It’s started. I knew it would. I am no longer a source of useful information. I need to stop hoping that I might be listened to. I need to stop offering advice, unless asked – and even then I need to carefully consider if it is worth it. I definitely need to stop thinking that my opinion may count.
I hate this phase so much. I remember T went through it at around this time. It’s the curse of starting secondary school – they’re being treated far more grown up by teachers, friends and also us parents too – and I know she has to go through it. They’re expected to make decisions; to be responsible for themselves; they are working more independently. Unfortunately, this means that she thinks she has the answer to everything.
I can’t advise her on anything; I say black she says white. She has always been strong willed (which I am mainly glad for as it has helped her over the years with friendship issues, etc) but this is a whole new level. I have to bite my lip so much these days that I am in danger of creating a hole in it. An example: today, she came home with a gift from one of her new friends. It’s a body scrub, which is lovely and an ideal gift for any girl. Unfortunately, A has very sensitive skin like K and has a tendency to get rashes quite frequently. I stupidly (not stupidly actually, sensibly and as any mum would) suggested that it might upset her skin (I was going to follow this up with the suggestion that she try a small amount on an inconspicuous are of skin to test it) and was met with a resolute, “No it won’t”. OK…. But….. “No, it will be fine”. I agree this in itself doesn’t sound too awful, but when you add in the disdainful look and the folded arms and dominant stance, well you get the picture. The twelve year old in me was inclined to suggest that it would serve her right if she woke up looking like she had been attacked by a horde (?) of mosquitoes (horde?), but I quickly reminded myself that I am 44 and that I would actually be mortified for her if that happened. I somehow managed to quietly and calmly (yes, me!) make the patch test suggestion and politely reminded her that on past experience it might be sensible to proceed with caution. We then had to navigate the choppy water that is “backing down without losing face” and – because I am kind – I allowed her to get away with a muttered “yeah whatever” and off she went to immediately find some misdemeanour that she could even the score out with – namely me omitting to remind her that I had been unable to lay my hands on any mini-marshmallows for the cupcakes she is making in food tech tomorrow (I had told her on Friday after the food shopping was delivered; we were in Sainsburys yesterday but she didn’t think to ask if we could buy some from there. Because as independent as she is and as much as she doesn’t need me for anything, somehow I was supposed to remember that she needed them.) How useless can you get? The cakes are now going to be “totally boring”. Ho hum.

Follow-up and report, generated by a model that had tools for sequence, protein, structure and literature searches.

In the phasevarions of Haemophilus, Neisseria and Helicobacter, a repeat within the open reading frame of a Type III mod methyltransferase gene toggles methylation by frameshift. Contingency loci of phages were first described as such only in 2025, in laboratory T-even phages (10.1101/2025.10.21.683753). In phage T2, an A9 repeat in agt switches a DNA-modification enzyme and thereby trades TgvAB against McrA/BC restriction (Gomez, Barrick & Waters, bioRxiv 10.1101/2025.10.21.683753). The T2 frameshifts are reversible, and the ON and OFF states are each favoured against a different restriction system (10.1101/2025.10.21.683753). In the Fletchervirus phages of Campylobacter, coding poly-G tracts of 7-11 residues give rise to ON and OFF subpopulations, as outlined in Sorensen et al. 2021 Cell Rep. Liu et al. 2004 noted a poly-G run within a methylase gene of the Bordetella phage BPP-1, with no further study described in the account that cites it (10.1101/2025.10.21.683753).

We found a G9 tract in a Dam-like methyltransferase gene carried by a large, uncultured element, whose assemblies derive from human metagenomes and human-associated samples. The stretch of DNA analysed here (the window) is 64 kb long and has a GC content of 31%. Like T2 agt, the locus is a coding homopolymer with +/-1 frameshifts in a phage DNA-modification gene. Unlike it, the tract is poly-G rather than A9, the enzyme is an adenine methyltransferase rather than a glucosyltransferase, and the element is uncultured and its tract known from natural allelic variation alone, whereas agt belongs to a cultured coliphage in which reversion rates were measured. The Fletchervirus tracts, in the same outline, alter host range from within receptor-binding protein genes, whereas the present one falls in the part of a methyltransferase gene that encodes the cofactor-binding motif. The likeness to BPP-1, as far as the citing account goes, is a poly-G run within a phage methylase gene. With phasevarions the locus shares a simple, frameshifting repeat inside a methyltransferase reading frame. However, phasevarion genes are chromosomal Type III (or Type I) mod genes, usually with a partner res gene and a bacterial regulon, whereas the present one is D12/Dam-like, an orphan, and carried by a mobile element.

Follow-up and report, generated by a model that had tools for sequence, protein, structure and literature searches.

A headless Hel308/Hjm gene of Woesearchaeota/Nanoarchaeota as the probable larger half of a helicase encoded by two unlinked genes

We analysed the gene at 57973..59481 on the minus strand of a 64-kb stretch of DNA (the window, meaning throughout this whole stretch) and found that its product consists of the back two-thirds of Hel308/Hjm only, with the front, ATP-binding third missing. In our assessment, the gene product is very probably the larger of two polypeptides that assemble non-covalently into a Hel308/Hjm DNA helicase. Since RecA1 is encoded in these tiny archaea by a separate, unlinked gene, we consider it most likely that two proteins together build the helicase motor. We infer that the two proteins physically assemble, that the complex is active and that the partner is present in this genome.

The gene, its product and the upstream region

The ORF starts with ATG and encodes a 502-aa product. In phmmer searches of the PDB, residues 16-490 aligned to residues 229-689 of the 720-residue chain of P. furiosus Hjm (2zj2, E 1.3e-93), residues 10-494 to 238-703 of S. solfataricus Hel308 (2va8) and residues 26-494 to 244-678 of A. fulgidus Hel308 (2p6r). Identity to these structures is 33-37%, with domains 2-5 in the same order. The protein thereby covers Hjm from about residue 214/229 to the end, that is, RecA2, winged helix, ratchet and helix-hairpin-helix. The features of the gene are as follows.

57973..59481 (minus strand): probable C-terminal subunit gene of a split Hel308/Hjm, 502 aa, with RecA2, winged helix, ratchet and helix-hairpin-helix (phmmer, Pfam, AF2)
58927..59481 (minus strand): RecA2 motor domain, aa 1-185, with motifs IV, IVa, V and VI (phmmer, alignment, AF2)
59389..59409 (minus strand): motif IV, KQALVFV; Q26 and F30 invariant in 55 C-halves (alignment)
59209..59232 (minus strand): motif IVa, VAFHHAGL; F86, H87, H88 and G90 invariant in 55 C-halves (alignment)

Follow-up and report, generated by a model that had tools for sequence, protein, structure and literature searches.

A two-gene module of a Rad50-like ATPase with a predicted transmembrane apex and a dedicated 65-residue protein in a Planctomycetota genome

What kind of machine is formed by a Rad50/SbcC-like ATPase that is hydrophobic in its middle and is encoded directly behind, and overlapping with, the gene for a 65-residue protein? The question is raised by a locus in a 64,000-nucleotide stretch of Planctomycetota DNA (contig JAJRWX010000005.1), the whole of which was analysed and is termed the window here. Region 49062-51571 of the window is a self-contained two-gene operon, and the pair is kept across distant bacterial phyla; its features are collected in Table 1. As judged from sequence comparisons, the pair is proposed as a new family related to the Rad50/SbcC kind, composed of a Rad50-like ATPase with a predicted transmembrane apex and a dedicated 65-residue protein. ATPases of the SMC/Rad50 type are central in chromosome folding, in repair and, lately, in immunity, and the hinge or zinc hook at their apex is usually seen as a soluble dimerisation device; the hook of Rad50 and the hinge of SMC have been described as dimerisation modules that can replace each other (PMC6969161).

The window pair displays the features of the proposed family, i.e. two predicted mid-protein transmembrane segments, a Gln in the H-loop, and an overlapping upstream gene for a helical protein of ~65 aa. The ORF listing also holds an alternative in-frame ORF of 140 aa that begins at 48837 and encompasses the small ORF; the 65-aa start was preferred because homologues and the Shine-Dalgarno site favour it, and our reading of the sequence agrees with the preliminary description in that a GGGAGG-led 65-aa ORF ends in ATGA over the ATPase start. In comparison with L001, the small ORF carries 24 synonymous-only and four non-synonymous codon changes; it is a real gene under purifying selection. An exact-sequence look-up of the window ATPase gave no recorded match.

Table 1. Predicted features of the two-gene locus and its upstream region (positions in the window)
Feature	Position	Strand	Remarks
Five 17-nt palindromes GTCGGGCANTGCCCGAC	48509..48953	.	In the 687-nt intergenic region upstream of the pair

I love my girl to bits with her sense of humour, her steadfastness in who she is, her brightness, her self-containment, her self-assuredness. But I hope to god this phase passes soon. I’m not known for keeping my cool, for biting my lip and counting to ten. I don’t like being treated like an idiot (even though I may behave like one sometimes) and won’t put up with it from anyone. But, IT IS ONLY A PHASE. IT IS ONLY A PHASE. Let’s hope it’s a short one and we can move on to the next joyous part of the life cycle of the teen. I’ve been here before of course, but this time it’s got a whole new added dimension of GIRL. And we all know that makes a whole world of difference.